Five weeks ago I started withn an Upper Respiratory illness, tickly throat and blowing my nose. This progressed to Bronchitis and now Pneumonia. My Doctor has prescribed a Z pack and Mucinex. In addition I now have Conjunctivitis. During this period I have gone a few nights without the Cpap, but have to tried to continue with the regime.
I have recently searched online and there appears to be a clear link between Cpap users and repeated bouts of Bronchitis/respiratory illness. Most 'posters' are being told they are not keeping their equipment clean enough and/or are not using Distilled Water. I am doing all of the above and yet I am convinced Cpap is the cause of my current complaints.
I also worry that it is difficult to get an honest point of view, as the Cpap industry brings in millions of dollars for manufacturers and DME companies. I wish a unbiased medical professional would honestly compare the benefits and drawbacks of using Cpap machines so that the patient can make an informed decision.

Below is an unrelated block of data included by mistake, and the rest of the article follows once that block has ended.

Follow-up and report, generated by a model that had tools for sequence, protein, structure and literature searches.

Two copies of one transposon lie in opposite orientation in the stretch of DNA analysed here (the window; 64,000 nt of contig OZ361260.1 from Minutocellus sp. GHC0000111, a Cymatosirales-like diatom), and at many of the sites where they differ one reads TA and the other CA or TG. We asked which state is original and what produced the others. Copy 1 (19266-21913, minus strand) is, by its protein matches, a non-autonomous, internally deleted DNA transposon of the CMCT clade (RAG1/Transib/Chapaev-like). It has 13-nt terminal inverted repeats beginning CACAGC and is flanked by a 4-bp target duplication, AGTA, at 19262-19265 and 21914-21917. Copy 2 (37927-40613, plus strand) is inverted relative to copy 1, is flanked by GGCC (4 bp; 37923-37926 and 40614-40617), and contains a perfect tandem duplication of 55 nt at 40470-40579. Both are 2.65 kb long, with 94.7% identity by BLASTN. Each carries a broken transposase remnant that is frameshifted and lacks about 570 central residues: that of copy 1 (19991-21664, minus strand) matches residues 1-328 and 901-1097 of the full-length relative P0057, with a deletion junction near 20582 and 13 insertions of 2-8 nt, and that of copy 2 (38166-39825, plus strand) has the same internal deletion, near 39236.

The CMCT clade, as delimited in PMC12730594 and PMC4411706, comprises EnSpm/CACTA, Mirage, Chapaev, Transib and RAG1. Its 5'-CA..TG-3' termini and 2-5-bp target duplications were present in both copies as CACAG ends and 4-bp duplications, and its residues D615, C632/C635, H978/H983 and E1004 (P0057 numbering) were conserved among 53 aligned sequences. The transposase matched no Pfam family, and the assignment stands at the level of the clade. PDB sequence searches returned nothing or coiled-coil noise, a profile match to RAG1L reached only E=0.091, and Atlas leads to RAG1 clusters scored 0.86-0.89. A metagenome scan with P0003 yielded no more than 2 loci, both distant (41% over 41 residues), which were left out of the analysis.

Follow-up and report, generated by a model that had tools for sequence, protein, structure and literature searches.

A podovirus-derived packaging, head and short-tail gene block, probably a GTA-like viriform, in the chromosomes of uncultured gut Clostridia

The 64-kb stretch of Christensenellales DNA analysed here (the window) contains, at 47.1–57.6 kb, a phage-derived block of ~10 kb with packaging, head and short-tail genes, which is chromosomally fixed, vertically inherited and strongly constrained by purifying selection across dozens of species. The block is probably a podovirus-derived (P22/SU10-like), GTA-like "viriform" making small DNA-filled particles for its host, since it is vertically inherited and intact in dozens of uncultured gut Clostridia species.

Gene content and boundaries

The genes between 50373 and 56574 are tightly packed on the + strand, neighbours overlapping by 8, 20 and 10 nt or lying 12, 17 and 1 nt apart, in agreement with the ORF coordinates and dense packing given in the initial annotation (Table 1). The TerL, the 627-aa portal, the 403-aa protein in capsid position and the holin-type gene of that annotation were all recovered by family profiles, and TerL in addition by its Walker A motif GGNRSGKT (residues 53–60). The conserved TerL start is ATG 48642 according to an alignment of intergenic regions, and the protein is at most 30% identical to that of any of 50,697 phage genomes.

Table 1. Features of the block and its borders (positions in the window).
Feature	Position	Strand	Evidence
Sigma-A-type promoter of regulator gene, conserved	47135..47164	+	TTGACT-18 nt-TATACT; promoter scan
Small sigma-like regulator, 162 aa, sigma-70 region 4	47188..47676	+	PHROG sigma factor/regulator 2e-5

As for my illness, it seems strange that I have never suffered anything like this in the past and it all seems to much of a coincidence. Does anyone out there share my opinion, or indeed shed any more light as to the cause of my illness ?
Many thanks,
Andy


Most people here have the opposite experience. I found I have less colds/flues/asthma issues. The one time I did get pneumonia, it was over faster and much easier then the previous pre-cpap time, mostly I cranked up the humidity, used a Full face mask and sometimes even wore it during the day while reading because it made breathing so much easier.
You catch this stuff from people, from not washing your hands. The only reason to use distilled water is to prevent mineral build up.
Another thing to consider is if you end up in the hospital with pneumonia the first thing they do is put you on a machine to help you breathe.

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Re: Cpap and Bronchitis/Pneumonia

Postby HoseCrusher on Sat Mar 26, 2011 11:47 am

Andy, You may find this thread an interesting read...

viewtopic.php?f=1&t=58490

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Re: Cpap and Bronchitis/Pneumonia

Postby Wulfman on Sat Mar 26, 2011 12:09 pm